The Jackson Four
Without mentioning any first names, I will simply call them the Jackson Four. They comprised a family that was active in a church I worked with during my college years. I remember them fondly for several reasons… mostly their love of others and me. They have been in my life for what seems a lifetime, even if only in thought. The Jacksons are examples of the “good guys”.
Without telling their stories as if they are my own to tell, I will share some common experiences.
Mrs. Jackson always told me she was praying for my wife. At the time, I did not have even a girlfriend. She believed, through some strange connection to the divine, that she was able to pray for my future wife. As it turns out, I have had two wives. If she was able to pray for some wife in the future, I have no doubt that she could pray for two wives in the future. Though the first wife left town, I still hope those prayers found her. My wife of fourteen years, my love, deserves every ounce of well wishes Mrs. Jackson uttered in those days.
Mr. Jackson comforted me after the preacher of that church, spoke directly to me from the pulpit in some misguided way. I will never forget his words of, “He really shot himself in the foot.”
The Jackson kids, now very much adults, were as goofy as kids are. They were also wise beyond anyone’s years. I remember the son being the first person to speak of Mother Teresa with me. The daughter spoke to me of praying when ambulances pass. Both for the driver and for the patient.
Three years ago, as I grieved my mother’s passing. Strolling around the chapel and greeting friends. I felt a hand on my shoulder. When I turned, I saw Mr. and Mrs. Jackson standing and smiling at me. Perhaps we hugged, perhaps we did not, but I remember the look on their faces. I had not seen those smiles in years.
The Jackson’s have seen me at my very best and at my very worst. When I was good, I was good. The worst for me, was worse than a lot of people’s worst. They were there, in the chapel, offering some love and doing the only thing to be done. Simply, gently, offering their presence.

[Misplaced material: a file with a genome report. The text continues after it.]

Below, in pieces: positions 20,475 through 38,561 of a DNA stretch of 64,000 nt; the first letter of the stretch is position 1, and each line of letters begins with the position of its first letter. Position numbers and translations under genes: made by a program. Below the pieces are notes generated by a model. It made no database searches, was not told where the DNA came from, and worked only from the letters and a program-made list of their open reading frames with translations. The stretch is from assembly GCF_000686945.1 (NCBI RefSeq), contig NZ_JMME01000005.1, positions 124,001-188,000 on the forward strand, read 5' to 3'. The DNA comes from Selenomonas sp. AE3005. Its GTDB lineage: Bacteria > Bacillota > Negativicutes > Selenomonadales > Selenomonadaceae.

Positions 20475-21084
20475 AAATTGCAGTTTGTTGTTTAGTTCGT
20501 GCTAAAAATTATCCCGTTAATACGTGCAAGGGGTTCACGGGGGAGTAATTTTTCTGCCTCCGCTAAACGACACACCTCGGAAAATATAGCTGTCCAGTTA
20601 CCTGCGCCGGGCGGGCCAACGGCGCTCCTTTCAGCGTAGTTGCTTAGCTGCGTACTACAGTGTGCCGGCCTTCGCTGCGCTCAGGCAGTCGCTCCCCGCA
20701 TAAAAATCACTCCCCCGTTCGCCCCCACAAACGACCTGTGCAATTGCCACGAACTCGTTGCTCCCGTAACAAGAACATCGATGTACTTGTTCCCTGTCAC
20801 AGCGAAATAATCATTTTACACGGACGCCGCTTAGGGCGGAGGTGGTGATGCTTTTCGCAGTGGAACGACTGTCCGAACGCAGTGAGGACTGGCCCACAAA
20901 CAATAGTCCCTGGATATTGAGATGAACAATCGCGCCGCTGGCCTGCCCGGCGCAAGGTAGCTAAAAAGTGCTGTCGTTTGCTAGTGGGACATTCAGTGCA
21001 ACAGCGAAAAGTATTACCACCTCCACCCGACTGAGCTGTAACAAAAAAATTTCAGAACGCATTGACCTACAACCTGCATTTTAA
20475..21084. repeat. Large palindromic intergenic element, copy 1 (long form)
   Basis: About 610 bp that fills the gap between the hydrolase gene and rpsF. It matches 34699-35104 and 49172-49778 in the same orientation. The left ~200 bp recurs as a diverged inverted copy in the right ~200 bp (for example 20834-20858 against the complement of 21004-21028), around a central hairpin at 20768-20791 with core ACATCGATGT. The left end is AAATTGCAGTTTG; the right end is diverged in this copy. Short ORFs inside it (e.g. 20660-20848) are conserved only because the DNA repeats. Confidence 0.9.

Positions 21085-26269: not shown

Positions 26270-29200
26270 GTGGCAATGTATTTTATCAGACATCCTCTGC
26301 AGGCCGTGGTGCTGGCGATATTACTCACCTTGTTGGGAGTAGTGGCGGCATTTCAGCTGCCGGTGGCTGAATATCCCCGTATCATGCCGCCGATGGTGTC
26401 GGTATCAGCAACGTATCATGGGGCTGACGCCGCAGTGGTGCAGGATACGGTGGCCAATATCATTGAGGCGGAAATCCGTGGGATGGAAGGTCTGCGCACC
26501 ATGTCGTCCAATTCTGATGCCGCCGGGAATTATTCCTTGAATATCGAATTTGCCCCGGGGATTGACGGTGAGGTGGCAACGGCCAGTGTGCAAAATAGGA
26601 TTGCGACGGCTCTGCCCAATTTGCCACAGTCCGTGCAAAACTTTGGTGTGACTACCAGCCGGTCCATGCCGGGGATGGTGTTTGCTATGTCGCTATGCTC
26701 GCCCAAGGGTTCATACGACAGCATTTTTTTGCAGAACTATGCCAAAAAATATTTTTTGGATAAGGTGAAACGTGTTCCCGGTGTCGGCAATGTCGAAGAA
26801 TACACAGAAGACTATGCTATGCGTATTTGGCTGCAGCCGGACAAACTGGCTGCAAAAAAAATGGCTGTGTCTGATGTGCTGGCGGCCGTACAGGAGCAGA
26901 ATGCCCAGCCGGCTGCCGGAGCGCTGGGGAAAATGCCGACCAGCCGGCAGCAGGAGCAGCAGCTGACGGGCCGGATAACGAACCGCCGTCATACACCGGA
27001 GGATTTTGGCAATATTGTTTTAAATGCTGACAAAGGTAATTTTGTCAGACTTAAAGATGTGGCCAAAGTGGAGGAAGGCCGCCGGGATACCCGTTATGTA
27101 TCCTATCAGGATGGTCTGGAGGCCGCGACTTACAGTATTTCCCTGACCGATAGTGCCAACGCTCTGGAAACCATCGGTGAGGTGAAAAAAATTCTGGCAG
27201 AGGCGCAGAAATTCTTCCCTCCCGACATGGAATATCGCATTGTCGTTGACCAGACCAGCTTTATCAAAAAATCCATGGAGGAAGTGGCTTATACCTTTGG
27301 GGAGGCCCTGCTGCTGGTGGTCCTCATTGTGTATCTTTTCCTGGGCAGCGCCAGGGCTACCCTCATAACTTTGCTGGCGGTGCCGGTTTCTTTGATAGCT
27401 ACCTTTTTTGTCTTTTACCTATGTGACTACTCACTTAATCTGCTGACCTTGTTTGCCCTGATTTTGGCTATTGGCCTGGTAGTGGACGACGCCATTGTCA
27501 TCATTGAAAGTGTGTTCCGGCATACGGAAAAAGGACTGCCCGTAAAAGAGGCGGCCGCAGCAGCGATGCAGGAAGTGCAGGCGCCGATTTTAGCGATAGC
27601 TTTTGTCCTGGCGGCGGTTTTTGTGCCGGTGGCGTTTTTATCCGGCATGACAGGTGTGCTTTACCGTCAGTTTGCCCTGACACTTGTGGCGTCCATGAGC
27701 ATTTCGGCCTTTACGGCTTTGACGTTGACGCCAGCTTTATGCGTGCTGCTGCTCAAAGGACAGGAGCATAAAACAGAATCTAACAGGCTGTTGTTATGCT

It may seem routine or commonplace for them to have attended the funeral, but it was not. When I worked for that church, I traveled eight hours away from my home. They had met my mother, but they were not notified by family that she died. They found out, perhaps through Facebook, and they came. It happens that we have not spoken since, but when we do, it might be that we just smile for a moment before catching up.
Life is funny. There are those you meet and love for a time. Sometimes the memories of them overwhelm the senses. My suspicion is that they did far more for me than I ever did for them. I am grateful for having known the Jackson Four. Much cooler, much more hip, and certainly more connected to whatever source of creation there is in this world. Every one of them.
This is a bit of a tribute. Also a way to get the memory of them out of my head for a time. I believe in prayer, but in some unorthodox way that is not quite sanctioned by the Southern Baptist church where I worked with so many years ago. I believe, to think of a person and to cover them with thoughts of love, is beneficial in some mysterious way. This is only a prayer for the four of them. Just a way to express gratitude and show love.
Whether they find these words matters little. They are spoken (or written) and that is enough. What I know is this. Wherever they are, they deserve all goodness in life. Whatever they are doing, they deserve the support of others. Somewhere in the universe, they are working, resting, doing life, and making a difference in the lives of those around them. And I had the chance to know them.
Tell me how this is not a wonderful life. When you get right down to it, they taught me to be grateful, by being people who you would be grateful to be around. And maybe, just maybe, this is the result of all of those prayers for me and my future wife, coming back around to them.